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Old 28th June 2014, 09:23 PM   #1
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Default Need help to modify circuit to suit replacement power XFMR

Hi folks. I have picked up a used Norh SE9 Integrated Power Amp. The amp currently does not work. From a few simple tests, it appears that the power xfmr is damaged - the HV secondary is non-functional. I could not locate a schematic for this amp anywhere on line so I took a stab at drawing one (I am a newbie at this so hopefully it is accurate). Please note that, in my schematic, I have replaced the original power xfmr with a different one that I have on hand. I don't have enough circuit design knowledge so I need help modifying the circuit so that it will work correctly with the power xfmr that I have inserted into the schematic. Thanks for any help you can offer for correcting the values for the passive components to match the existing tubes.
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File Type: pdf Norh_SE9_Schematic.pdf (49.0 KB, 51 views)
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Old 28th June 2014, 10:08 PM   #2
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Apologies, I see that it is not clear from the schematic that the power xfmr supplies 800V CT at 200mA, 5V at 3 A and 6.3 V CT at 6 A.
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Old 28th June 2014, 10:40 PM   #3
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Your nOrh SE9 power transformer has 400AC (800VCT) before rectification and with cap input supply, your B+ will be quite high, possibly over 500VDC, and there's pretty much no voltage drop to the screen grids so plate and screen are the same high voltage. High screen voltage is bad for tube life. To be safe, I wouldn't want the B+ to be higher than, say, 420VDC, after choke. Do you know what the stock voltage point is? The stock filter caps' voltage rating will give you an indication of its limit, which is 450VDC, so your B+ should never exceed that limit.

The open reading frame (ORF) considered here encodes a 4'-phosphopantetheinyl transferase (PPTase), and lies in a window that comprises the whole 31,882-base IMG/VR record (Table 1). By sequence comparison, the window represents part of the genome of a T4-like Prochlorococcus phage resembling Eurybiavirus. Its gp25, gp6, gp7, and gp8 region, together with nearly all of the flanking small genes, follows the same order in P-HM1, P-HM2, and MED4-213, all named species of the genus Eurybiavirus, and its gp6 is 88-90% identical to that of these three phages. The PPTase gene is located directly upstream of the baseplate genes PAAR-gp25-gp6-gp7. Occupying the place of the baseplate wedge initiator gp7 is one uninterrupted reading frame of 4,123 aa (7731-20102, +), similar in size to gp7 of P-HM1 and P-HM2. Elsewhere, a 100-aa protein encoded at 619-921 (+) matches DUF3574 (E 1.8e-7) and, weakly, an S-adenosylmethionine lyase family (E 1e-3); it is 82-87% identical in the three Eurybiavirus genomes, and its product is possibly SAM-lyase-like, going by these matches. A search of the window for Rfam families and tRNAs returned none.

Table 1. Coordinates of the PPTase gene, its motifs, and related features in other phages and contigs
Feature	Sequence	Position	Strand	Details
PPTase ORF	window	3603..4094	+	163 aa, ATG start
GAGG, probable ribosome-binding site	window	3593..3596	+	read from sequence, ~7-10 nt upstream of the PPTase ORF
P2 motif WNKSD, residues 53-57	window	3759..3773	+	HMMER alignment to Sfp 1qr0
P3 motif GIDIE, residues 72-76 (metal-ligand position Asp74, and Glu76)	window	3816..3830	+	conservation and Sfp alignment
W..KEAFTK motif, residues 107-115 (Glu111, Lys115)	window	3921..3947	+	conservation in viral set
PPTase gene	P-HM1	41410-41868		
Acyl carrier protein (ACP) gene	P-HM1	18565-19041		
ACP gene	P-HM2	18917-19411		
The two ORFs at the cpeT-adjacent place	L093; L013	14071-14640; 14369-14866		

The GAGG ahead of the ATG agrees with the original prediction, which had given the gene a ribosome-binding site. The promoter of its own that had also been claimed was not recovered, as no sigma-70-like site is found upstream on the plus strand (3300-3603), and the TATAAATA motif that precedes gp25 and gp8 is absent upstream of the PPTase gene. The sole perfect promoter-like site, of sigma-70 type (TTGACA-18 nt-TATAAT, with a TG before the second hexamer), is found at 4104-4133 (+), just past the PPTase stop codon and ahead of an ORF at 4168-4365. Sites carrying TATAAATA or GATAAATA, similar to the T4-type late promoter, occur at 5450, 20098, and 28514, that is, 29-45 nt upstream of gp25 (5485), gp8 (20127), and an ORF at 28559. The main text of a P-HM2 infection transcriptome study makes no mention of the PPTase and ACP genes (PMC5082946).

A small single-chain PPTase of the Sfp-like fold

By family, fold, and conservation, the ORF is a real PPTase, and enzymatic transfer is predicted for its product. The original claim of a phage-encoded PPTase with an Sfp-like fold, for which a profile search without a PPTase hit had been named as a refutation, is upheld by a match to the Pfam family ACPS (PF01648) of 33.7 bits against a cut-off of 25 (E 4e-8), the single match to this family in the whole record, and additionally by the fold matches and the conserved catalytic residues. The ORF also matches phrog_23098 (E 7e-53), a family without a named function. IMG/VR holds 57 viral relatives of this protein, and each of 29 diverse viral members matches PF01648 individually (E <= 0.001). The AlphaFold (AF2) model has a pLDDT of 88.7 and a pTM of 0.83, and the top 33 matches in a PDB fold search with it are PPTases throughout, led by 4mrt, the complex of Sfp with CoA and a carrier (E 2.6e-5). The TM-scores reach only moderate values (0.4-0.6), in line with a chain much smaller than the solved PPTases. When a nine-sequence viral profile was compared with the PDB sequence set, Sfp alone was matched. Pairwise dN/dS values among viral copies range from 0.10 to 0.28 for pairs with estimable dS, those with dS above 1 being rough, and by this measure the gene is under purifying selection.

In your schematic, the two halves of 12AX7 are parallel so pin 1 and pin 6 should be tied together. The output transformer's secondary looks peculiar. Are you sure it's not Common/ground and then 4Ω and then 8Ω in that order?

Click the image to open in full size.

Last edited by directdriver; 28th June 2014 at 10:45 PM.
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Old 29th June 2014, 12:01 AM   #4
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Thanks, DirectDriver. Unfortunately, I don't know what the stock voltage point should be as I don't have an original schematic and could not find one. The original power xfmr was potted.

As you stated, pins 1 & 6 of the 12AX7s should be tied together. Thank you for that correction -- I have amended the schematic to show that.

As for the output, unless the amp is incorrectly labelled, the schematic is as I have shown. On each output xfmr (also fully potted), what appears to be the 4Ω ( (a larger wire which is attached to a binding post that is labelled as 4 ) and the smaller Com leads are twined together and come off the xfmr in one sheath, while the second, separately sheathed, smaller lead from the xfmr is attached to the binding post labelled Com, which is connected to ground. I suppose it could be mislabeled, what do you think?

Given the power xfmr that I currently have inserted into the schematic, what would be appropriate values for the caps and resistors in order to bring the B+ voltage to a better level?